Indigenous Intellectual Property
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Indigenous Intellectual Property

A Handbook of Contemporary Research

Edited by Matthew Rimmer

This Handbook considers the international struggle to provide for proper and just protection of Indigenous intellectual property. Leading scholars consider legal and policy controversies over Indigenous knowledge in the fields of international law, copyright law, trademark law, patent law, trade secrets law, and cultural heritage. This collection examines national developments in Indigenous intellectual property from around the world. As well as examining the historical origins of conflicts over Indigenous knowledge, the volume examines new challenges to Indigenous intellectual property from emerging developments in information technology, biotechnology, and climate change.
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Chapter 3: The World Intellectual Property Organization and traditional knowledge

Sara Bannerman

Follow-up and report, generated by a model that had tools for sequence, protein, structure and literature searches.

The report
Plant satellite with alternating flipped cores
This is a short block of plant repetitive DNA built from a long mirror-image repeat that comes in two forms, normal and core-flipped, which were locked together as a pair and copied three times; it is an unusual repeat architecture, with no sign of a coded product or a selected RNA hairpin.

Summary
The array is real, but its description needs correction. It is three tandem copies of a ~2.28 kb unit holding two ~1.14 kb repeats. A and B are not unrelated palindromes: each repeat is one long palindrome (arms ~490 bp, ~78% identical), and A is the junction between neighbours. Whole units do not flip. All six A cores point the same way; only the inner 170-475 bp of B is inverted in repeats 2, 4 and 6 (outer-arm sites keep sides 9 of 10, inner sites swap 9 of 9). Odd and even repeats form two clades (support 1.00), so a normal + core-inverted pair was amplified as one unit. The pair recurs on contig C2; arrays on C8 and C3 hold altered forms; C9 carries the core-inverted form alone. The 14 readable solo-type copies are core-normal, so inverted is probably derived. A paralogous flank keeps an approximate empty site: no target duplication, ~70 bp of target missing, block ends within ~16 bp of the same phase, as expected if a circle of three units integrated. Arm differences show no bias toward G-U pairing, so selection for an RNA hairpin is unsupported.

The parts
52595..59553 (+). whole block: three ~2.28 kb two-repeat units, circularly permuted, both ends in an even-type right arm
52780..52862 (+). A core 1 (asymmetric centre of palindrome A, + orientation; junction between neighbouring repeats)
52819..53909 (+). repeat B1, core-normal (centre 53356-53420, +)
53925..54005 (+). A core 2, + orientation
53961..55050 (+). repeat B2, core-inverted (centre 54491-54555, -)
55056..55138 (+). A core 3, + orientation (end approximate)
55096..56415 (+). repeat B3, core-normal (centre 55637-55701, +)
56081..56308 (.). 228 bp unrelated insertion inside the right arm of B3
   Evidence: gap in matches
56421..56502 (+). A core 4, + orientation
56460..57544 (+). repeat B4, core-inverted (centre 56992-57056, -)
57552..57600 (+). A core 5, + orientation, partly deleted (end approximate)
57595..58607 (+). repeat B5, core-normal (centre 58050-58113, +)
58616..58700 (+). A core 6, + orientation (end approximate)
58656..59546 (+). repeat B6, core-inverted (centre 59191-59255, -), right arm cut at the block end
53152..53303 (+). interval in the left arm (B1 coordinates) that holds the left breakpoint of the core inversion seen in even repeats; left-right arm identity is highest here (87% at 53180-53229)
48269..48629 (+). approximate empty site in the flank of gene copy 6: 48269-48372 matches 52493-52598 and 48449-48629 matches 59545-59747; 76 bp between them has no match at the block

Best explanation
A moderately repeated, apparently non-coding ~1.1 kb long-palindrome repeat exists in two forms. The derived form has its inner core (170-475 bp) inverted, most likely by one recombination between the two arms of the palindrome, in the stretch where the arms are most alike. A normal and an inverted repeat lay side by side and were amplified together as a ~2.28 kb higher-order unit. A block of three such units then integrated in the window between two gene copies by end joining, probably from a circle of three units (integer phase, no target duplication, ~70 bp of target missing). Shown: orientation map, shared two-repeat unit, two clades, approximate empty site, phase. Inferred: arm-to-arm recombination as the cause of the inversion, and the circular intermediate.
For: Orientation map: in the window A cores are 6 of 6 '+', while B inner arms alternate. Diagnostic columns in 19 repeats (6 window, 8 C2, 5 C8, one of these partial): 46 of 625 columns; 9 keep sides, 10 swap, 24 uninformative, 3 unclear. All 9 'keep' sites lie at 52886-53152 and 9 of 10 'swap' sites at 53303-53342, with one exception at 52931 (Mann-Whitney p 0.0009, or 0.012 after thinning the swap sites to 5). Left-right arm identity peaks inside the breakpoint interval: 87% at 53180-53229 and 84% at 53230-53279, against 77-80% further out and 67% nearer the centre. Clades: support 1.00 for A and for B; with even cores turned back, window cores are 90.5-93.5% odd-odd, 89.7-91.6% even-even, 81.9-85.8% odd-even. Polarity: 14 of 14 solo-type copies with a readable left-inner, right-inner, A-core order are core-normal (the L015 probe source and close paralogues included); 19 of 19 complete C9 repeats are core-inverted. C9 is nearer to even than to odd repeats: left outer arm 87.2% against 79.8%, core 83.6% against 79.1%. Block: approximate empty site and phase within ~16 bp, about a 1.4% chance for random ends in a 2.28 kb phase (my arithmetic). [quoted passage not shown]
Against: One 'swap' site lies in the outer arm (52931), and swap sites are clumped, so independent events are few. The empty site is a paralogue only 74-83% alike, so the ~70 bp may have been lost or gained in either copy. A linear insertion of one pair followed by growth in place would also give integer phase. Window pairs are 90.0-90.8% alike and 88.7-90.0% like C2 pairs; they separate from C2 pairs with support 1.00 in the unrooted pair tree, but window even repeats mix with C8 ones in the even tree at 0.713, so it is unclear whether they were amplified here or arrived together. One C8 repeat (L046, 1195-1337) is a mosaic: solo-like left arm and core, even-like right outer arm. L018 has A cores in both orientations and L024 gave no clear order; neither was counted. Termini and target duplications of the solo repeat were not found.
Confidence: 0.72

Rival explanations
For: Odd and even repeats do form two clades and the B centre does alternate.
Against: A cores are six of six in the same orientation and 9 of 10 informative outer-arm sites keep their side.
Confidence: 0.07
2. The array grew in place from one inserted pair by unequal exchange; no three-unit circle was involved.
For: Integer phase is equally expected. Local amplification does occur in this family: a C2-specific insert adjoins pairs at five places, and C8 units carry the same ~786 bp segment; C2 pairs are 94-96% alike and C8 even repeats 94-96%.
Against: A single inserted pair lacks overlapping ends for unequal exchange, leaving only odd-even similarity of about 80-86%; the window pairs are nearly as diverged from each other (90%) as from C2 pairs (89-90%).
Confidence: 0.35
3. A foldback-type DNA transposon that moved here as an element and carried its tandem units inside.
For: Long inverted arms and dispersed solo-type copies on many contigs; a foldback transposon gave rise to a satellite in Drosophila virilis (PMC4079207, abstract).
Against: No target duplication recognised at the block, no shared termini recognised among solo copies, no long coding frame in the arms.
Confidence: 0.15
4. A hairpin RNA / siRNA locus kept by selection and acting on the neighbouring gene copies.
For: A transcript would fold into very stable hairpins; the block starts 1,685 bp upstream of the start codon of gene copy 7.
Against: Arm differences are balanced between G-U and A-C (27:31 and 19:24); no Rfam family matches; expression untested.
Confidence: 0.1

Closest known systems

The World Intellectual Property Organization (WIPO) is a special agency of the United Nations, established in 1970 to ‘to promote the protection of intellectual property throughout the world’. Its current stated mission is ‘to promote innovation and creativity for the economic, social and cultural development of all countries, through a balanced and effective international intellectual property system’. It seeks to do so by offering services that make it easier to obtain international protection for patents, trademarks, designs and appellations of origin; offering services to resolve intellectual property disputes; developing international legal frameworks for intellectual property; building infrastructure such as databases, tools and information platforms related to intellectual property; and by capacity-building in the use of intellectual property ‘to support economic development’. Although the focus of WIPO and its predecessors has been on building and expanding Western intellectual property laws that apply to Western works and subject-matter, WIPO has also been involved in debates about the protection of other sorts of subject-matter, including folklore since the 1970s, and traditional knowledge since 1998. It has become increasingly involved in norm-setting in the areas of traditional knowledge, traditional cultural expressions, and genetic resources in recent years. This involvement is driven, in part, by those who argue that the misappropriation and misuse of traditional knowledge, traditional cultural expressions and genetic resources now take place on an international scale, and that, as such, international rules are necessary.

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